Now that we have stepped into a new year, it may be time to take a brief pause from our hectic schedule.
Today, after a period of hiatus, I have once again taken up my pen (metaphorically) to remember and celebrate a hero—a woman of courage and integrity who changed the world, not with fire and fury but with her soft touch.
Common sense tells us that life’s experiences should help us acquire a degree of certainty about most issues. However, I seem to be the exception to this conventional wisdom.
While I cannot claim to be an avid football fan, the World Cup bug does attack me every four years. I write this column on a sleepless night, disturbed and disenchanted after watching the rather physical and hostile match between England and Colombia, fighting for a place in the quarterfinals.
Of late, I have been reflecting on an interesting aspect of our social discourse.
As one more year fades away into the realm of the past, it may be useful to reflect on the core aspects of our life.
As some of you may have noticed, I have been absent from the writing scene for about six months. No, I haven’t retired from column writing—rather it has been a forced hiatus. Forced by an eye condition that struck without any prior warning. The affliction that stole part of my right eyesight came stealthily and silently—a white fog refusing to be dislodged obstructed my vision.
I never imagined that most of the values and precepts I learned while growing up would become dated and rendered almost irrelevant during my lifetime. In particular, the lessons in humility that our parents and teachers taught us seem to have simply gone out of the window.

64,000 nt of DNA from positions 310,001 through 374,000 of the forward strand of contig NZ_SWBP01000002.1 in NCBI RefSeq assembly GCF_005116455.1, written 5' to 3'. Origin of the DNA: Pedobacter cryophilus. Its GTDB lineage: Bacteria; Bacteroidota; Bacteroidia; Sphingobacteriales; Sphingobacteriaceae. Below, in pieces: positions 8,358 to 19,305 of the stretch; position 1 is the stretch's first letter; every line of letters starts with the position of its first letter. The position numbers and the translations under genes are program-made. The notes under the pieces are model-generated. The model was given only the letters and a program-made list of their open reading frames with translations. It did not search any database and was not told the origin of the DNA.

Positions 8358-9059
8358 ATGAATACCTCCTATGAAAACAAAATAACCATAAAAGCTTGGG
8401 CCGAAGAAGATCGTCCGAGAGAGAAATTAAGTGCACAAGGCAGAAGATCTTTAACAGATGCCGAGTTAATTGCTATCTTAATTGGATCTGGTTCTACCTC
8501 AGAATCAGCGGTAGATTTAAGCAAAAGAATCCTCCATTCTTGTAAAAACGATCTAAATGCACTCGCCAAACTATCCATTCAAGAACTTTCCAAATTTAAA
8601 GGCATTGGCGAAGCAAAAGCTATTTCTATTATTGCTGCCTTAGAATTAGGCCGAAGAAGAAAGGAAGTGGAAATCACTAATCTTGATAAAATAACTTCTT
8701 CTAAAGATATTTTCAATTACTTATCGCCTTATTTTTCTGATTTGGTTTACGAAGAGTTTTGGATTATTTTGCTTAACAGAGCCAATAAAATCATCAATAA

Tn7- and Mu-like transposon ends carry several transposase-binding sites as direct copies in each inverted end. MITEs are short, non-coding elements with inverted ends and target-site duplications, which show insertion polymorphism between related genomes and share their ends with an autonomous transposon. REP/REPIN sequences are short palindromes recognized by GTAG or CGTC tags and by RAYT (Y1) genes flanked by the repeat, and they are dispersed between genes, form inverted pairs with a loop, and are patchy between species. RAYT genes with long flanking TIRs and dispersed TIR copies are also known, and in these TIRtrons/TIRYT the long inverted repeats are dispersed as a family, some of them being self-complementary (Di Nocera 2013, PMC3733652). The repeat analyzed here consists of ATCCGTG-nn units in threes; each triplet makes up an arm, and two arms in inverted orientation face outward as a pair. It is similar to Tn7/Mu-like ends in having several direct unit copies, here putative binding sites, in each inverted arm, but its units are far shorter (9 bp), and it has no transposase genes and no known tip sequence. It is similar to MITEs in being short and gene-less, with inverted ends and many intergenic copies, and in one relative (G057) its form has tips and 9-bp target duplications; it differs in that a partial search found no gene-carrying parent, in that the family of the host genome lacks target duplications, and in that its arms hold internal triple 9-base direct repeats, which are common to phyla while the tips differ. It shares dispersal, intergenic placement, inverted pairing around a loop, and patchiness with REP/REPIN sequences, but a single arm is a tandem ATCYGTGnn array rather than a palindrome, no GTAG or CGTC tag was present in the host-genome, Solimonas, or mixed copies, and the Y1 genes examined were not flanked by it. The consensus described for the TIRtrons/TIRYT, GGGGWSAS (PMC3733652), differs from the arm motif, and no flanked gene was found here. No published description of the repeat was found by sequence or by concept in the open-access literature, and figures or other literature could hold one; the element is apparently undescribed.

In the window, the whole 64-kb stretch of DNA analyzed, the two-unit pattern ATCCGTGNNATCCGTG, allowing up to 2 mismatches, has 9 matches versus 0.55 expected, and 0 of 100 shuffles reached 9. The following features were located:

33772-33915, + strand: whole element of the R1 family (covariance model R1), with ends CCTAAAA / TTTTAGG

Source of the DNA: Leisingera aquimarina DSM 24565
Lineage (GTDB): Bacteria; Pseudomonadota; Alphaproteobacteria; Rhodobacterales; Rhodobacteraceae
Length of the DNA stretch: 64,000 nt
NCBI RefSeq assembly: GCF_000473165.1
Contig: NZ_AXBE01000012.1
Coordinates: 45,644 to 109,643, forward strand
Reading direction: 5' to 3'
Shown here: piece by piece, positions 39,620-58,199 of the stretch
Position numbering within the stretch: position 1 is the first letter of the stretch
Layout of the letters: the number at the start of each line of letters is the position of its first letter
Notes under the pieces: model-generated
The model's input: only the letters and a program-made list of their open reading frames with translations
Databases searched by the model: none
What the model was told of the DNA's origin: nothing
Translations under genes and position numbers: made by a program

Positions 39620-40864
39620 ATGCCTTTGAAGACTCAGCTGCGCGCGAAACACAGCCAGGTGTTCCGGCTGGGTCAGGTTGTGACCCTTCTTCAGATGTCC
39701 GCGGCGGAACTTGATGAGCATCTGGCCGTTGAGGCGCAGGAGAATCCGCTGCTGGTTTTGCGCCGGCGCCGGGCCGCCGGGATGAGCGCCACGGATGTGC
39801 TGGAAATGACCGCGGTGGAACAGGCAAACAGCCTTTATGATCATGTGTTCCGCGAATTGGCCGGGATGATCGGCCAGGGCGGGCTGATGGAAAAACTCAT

In the “long 18th century” (1685-1815), European politics, philosophy, science and communications were radically reoriented during the course of a movement referred to by its participants as the Age of Reason, or simply the Enlightenment.
The past week has been tumultuous and agonising for most Americans. A week of speculation, media hype, and political and personal
Years ago, when I first migrated to the United States, I was asked to read Robert Ringer's Winning through Intimidation as part of my acculturation process.
Today, I choose to address an issue that has generated years of soul-searching resulting in an inner struggle to draw the line between right and wrong.
Earlier this month, The New York Times published an explosive story on allegations of sexual harassmenagainst Hollywood mogul Harvey Weinstein. The report was based on accounts of multiple women accusing him of all forms of sexual misdemeanour ranging from rape to verbal abuse.
Of late, I have started avoiding social gatherings. The reason? Friends and acquaintances have become somewhat edgy and contentious, so that even civil discussions quickly rise to high decibel levels. Needless to say, the divisive issues mostly relate to world affairs and politics, with conversations rotating in circles!
It is not always easy to travel back in time. For, we have a tendency to block the memories that generate emotional turbulence of some sort.
“I'll miss you… may God be with you, etc.” Her response? A text with a single emoji, that of a crying face.